For those who are new to discussing these issues, this is where things can get a little tricky. Remember there are three views Christians hold regarding the millennium: pre-mil, post-mil, and a-mil. [If you don’t recognize these views, you might want to read Millennial match-up and More on the millennium.] Well, now we also have three views on the rapture: pre-trib, mid-trib, and post-trib. You don’t want to confuse these. There’s a big difference between being posttrib and postmil! Most of the people who describe themselves by one of these views of the rapture (pretrib, midtrib, or posttrib) are premil, which means they believe that when Christ returns he will usher us into the golden age of the millennium.

Everyone still with me?! Okay, so let’s look a bit more at each of these three views on the timing of the rapture. As we did two weeks ago when discussing the millennium, I’m going to present these views in the historical order in which they were held by Christian believers. And, as before, I’m going to try to present them in such a way that you won’t know which view I hold. Ready? Here we go:

Because the pretrib view has seemed so predominate in the past century, many are surprised to learn it wasn’t the view of the early church. In the early centuries of the church’s history, all believers appear to have held to the posttrib view. Because there was no controversy regarding the timing of the rapture, there wasn’t as much need for this issue to be discussed, so we don’t have any written exchanges or debates on this subject. Instead, it was simply taught that the rapture and the return of Christ are both part of the same event.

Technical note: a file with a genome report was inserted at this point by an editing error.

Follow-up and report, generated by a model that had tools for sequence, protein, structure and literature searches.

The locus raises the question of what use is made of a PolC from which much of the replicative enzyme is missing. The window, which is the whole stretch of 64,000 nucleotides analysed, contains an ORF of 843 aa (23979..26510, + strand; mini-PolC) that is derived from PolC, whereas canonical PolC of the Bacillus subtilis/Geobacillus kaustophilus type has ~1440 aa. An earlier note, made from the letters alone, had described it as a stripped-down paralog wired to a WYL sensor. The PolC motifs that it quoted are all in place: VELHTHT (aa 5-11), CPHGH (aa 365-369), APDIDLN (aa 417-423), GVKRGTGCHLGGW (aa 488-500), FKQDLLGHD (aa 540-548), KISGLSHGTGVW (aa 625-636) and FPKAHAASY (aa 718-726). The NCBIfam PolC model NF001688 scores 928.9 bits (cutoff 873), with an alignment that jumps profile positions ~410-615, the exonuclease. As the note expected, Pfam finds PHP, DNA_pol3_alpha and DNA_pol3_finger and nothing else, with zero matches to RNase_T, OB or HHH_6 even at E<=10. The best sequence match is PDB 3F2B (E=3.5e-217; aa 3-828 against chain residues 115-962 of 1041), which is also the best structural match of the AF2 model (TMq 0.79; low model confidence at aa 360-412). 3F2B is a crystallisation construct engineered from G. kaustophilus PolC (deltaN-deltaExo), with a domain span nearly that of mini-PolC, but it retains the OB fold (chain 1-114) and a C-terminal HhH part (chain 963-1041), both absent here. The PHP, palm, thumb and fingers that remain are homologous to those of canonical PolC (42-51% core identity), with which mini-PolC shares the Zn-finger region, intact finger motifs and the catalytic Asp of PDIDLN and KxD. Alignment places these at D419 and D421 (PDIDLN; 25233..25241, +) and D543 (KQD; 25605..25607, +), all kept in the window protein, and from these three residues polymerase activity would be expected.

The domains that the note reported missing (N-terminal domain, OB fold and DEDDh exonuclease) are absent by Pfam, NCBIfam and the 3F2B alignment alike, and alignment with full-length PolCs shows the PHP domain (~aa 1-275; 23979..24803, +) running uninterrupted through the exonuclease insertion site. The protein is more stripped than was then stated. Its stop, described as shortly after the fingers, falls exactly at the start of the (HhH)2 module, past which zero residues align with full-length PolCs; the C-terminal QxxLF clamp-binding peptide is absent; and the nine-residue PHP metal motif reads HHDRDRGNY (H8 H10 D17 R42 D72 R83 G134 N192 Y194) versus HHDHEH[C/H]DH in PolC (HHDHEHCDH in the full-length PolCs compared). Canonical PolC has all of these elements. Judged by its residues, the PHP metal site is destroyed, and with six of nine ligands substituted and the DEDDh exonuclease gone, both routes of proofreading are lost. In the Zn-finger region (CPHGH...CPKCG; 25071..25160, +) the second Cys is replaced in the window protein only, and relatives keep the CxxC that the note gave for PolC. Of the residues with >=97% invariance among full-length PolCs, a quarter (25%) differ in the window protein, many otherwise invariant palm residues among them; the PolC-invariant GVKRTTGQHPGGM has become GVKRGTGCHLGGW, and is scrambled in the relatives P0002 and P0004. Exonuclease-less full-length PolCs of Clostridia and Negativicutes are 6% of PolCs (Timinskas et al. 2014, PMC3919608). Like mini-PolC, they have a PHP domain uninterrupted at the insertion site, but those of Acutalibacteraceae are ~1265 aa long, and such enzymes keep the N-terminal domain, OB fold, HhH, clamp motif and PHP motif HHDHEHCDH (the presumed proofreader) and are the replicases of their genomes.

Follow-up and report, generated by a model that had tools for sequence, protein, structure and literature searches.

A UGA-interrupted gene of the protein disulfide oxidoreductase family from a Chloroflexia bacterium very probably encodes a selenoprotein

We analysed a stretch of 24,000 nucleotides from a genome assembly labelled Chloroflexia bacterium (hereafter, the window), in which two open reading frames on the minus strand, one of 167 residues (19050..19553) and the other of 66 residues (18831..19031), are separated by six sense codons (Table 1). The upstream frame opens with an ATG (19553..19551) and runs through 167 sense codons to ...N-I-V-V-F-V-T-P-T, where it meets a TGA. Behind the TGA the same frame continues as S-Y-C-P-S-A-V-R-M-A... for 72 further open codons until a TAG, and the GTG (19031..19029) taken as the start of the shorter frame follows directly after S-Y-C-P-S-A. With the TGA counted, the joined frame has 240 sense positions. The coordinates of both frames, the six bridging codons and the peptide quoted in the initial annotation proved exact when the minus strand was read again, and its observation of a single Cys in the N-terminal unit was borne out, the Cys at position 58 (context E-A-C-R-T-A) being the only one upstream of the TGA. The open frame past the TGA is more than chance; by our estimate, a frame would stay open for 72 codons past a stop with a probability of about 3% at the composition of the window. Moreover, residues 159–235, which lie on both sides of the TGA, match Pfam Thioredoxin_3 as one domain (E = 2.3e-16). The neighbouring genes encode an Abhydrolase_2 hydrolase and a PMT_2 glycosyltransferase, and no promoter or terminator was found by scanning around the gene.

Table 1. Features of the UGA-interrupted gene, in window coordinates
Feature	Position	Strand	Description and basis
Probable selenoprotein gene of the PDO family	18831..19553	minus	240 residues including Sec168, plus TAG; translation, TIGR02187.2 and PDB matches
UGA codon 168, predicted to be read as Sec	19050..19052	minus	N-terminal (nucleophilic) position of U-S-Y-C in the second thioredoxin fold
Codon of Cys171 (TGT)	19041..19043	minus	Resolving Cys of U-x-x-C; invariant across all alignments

They understood that when Christ returned, the dead in Christ and the living Christians would meet him in the air and then accompany him in his triumphant return to earth. This sounds odd to some today, especially to those who have grown up hearing the pretrib rapture taught. But it was actually a familiar concept to the people then. It was common for a returning, victorious general or king to be greeted outside the city by the people, who would then join his entourage and accompany him back to the city rejoicing and celebrating with him.

This is the way the church viewed the rapture for hundreds of years. In fact, we don’t see any hint of another view of the rapture until the 19th century. Because of this, some refer to the posttrib view as historic premillennialism, a reminder that the original premil view of the early church included a posttrib view of the rapture. Of course, just because a certain view is older or has been held for longer periods of time doesn’t necessarily mean it’s right. We need to be careful to evaluate each view on its biblical merits. (We’ll begin evaluating these views next week.)